Monday, August 02, 2010

2010 Lindau Meeting

The 2010 Lindau meeting took place in the Bavarian town from June 27th through July 2nd. See the
fourty-one 30-minute talks
by the Nobel prize winners including David Gross (talking about the supersymmetry!), Gerardus 't Hooft (general talk about science and wheels), Roy Glauber (about quantum optics), George Smoot (about CMB), and others.



John Timmer just wrote an article for Ars Technica - which I actually consider the best semi-mainstream source of science news on this planet - about SUSY and Gross's talk.

Timmer uses John Ellis as the main source of technical details. Ellis believes that 1 trillion collisions (1% or 2% of an inverse femtobarn) could be enough to see SUSY. That could come by autumn 2010; so far, they have 2x 36 billion or so. Rolf Heuer is comparably optimistic in an interview with BBC, stating that SUSY would likely be found by the LHC before the 2012 shutdown.




Of course, the main arguments for SUSY that Gross mentions remain dark matter, gauge coupling unification, and the hierarchy problem.

If you feel some deja vu, we discussed the Lindau Meeting of 2008 where 50% of the Nobel participants were AGW skeptics.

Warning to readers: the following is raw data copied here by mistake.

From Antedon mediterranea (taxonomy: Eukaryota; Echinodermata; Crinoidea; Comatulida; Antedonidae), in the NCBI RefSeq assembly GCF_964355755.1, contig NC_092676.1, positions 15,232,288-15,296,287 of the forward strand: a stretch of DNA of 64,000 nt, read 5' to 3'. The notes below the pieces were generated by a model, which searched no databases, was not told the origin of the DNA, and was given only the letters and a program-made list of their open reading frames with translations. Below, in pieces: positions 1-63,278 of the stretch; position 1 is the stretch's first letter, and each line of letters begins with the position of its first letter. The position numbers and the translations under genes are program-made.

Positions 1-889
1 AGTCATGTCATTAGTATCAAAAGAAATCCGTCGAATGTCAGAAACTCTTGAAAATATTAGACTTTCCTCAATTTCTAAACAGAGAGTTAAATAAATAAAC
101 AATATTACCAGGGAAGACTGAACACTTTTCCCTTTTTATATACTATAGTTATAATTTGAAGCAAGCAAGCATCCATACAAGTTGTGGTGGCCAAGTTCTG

2 comments:

  1. Besides the good SUSY stuff you should watch the panel conversation with Lee, Rubbia, Schellnhuber, etc. about energy and sustainability and comment on the "Global warming is real" statements (given without factual arguments of course). France's very low CO2/capita due to their nuclear energy use is ignored. Rubbia believes in running out of Uranium besides coal and oil soon ... Looking forward to your post. :).

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  2. Oh, thanks, here it is: video 2 of 41.

    What is Schellnhuber doing there? He's not just a person who hasn't won a Nobel prize. He's a dimwit, too.

    Rubbia is likely right that the uranium reserves are only enough for a century of our current electricity consumption.

    Other fission cycles may give you 8,000+ years etc. If that doesn't work, people can still build solar and wind plants if it becomes cheaper than everything else. But it's not cheaper today, by far.

    France's CO2 or real global warming - no comment. Sorry, I won't write a special post about this panel discussion and probably won't watch it in its entirety. It just doesn't look like interesting enough stuff. Lots of stuff that could be exclusively produced by dimwits, too.

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